Iwata talks on moving forward with both mobile and dedicated hardware games


In case you missed it, Nintendo announced a huge shift in policy change on Tuesday by announcing an alliance with mobile firm DeNA in order for DeNA to begin licensing Nintendo’s IPs to utilize in upcoming mobile games. During this announcement, Iwata was careful to iterate that Nintendo will not be releasing full-fledged games on mobile devices and that consumers should expect mobile games in-line with what traditional mobile companies have produced over the past few years.

Now that the world has had a chance to react to the announcement of Nintendo throwing their hat in the mobile ring, Iwata has made a few more statements about some of the criticisms surrounding the direction Nintendo seems to be taking. In perhaps one of the most candid statements about the future of the Wii U, Nintendo 3DS, and its mobile presence, Iwata has acknowledged that the communication about the direction of their home consoles hasn’t been as clear as they’d like to consumers who buy their products.

I have never intended to dismiss the entertainment experiences that people are enjoying on smart devices or any other media. On the other hand, my understanding is that, on smart devices, the main demand is for very accessible games which smart device users can easily start and easily finish. These are not necessarily the characteristics that people demand from games for dedicated video game systems.

We do have doubts [about] continuing to extend our business in the way that we have in the past. We have doubts about whether or not people will continue to see those simple extensions of what we’ve done as new and surprising. If it takes a lot of explanation for people to understand your entertainment product, you’re doing something wrong.

Once again, Iwata is re-iterating that he isn’t dismissive of the style of smartphone game that has become popular in today’s market, but he does mention that the sort of play you do on a smartphone doesn’t jive well with the sort of dedicated experience most gamers are familiar with. That sort of acknowledgement is grand for any nay-sayers who believe Nintendo may be selling out to chase bigger profits. While that’s definitely part of the motivation for finally joining the mobile revolution, it’s also about expanding their audience to be more interested in their core products, like a dedicated gaming console or portable.

Part of that strategy is not by adapting core games that have resided on consoles and home computers for ages, which is what many of Nintendo’s competitors have been doing. If you look at Electronic Arts’ attempt to capture the mobile market with re-makes of old classics like Dungeon Keeper, you see failed attempts at monetization using a franchise that fans are familiar with in the hopes that nostalgia will cause them to part with a few bucks.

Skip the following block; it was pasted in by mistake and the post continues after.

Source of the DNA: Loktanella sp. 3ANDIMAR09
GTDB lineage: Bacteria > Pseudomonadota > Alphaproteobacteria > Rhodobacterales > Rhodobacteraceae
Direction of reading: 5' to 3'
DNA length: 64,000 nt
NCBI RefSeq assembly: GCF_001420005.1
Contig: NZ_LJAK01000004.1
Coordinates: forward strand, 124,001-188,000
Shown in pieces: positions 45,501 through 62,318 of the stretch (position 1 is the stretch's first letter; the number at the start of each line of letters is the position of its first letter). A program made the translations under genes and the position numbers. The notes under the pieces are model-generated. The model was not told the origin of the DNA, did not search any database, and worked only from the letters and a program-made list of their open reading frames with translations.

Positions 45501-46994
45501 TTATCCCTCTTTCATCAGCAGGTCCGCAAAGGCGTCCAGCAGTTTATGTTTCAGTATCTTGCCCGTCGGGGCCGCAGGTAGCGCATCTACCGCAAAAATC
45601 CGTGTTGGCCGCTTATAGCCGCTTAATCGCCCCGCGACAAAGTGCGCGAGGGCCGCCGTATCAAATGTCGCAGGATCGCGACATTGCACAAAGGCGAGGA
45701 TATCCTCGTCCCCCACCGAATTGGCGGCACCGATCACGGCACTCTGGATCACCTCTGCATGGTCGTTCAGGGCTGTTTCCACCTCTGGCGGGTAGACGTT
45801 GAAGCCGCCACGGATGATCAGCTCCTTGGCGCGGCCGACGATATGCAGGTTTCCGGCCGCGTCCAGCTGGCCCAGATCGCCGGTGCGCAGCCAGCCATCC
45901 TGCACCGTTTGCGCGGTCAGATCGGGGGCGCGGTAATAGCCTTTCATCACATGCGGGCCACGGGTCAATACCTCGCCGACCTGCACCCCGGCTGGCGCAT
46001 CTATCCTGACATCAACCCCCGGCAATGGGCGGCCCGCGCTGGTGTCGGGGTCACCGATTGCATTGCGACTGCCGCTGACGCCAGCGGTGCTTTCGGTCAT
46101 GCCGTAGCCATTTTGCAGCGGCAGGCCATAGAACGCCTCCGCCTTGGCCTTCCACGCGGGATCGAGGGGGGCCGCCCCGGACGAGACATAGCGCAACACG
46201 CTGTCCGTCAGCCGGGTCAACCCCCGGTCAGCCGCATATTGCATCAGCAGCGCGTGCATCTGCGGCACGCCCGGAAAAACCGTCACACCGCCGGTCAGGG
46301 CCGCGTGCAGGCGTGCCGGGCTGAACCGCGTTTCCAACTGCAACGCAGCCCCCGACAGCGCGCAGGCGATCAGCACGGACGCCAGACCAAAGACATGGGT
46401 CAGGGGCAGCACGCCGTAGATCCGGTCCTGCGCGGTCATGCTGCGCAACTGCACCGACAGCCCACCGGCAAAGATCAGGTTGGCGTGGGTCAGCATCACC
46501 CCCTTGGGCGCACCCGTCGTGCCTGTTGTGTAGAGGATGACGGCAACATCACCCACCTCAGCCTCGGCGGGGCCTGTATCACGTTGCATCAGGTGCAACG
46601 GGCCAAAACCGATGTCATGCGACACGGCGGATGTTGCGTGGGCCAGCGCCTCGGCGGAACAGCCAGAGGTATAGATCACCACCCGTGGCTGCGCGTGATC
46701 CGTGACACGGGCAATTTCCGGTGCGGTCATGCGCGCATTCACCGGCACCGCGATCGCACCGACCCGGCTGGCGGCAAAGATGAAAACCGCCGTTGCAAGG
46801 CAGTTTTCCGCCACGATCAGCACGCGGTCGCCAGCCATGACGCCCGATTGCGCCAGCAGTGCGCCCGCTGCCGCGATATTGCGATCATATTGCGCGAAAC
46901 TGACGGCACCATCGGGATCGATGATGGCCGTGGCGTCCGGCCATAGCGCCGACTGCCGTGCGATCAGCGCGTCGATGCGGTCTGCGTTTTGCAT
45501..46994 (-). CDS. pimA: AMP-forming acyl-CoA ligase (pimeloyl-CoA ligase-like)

Even Square Enix and Capcom have released full versions of old games on mobile systems and while that’s certainly acceptable for some genres, such as JRPGs, it won’t be for the style of game that Nintendo makes. Iwata acknowledges this problem and says the type of mobile game that Nintendo plans to create in partnership with DeNA will be finely tuned to be the best experience you can have on a smart device.

In the digital world, content has the tendency to lose value, especially on smart devices. We finally found solutions to the problem. We will not merely port games developed for our dedicated systems to smart devices just as they are—we will develop brand new software which perfectly matches the play style and control mechanisms of smart devices.

So what about monetization? That’s what has ruined several mobile-remakes of classic games, including EA’s Dungeon Keeper. Iwata says Nintendo will never embrace a monetization scheme that is seen as hurting their brand or intellectual property and given how reluctant Nintendo has been in the past to embrace DLC, I believe him.

Nintendo does not intend to choose payment methods that may hurt Nintendo’s brand image or our intellectual property. It’s even more important for us to consider how we can get as many people around the world as possible to play Nintendo smart device apps, rather than to consider which payment system will earn the most money. We would like to create several hit titles by effectively leveraging the appeal of Nintendo IP.

So while Nintendo’s new approach to mobile may be foreign to some and it may seem like Nintendo is selling out to others, Iwata at least acknowledges that the pitfalls of mobile can be overcome if Nintendo is willing to work with its partners to create a mobile game experience that customers actually want to play.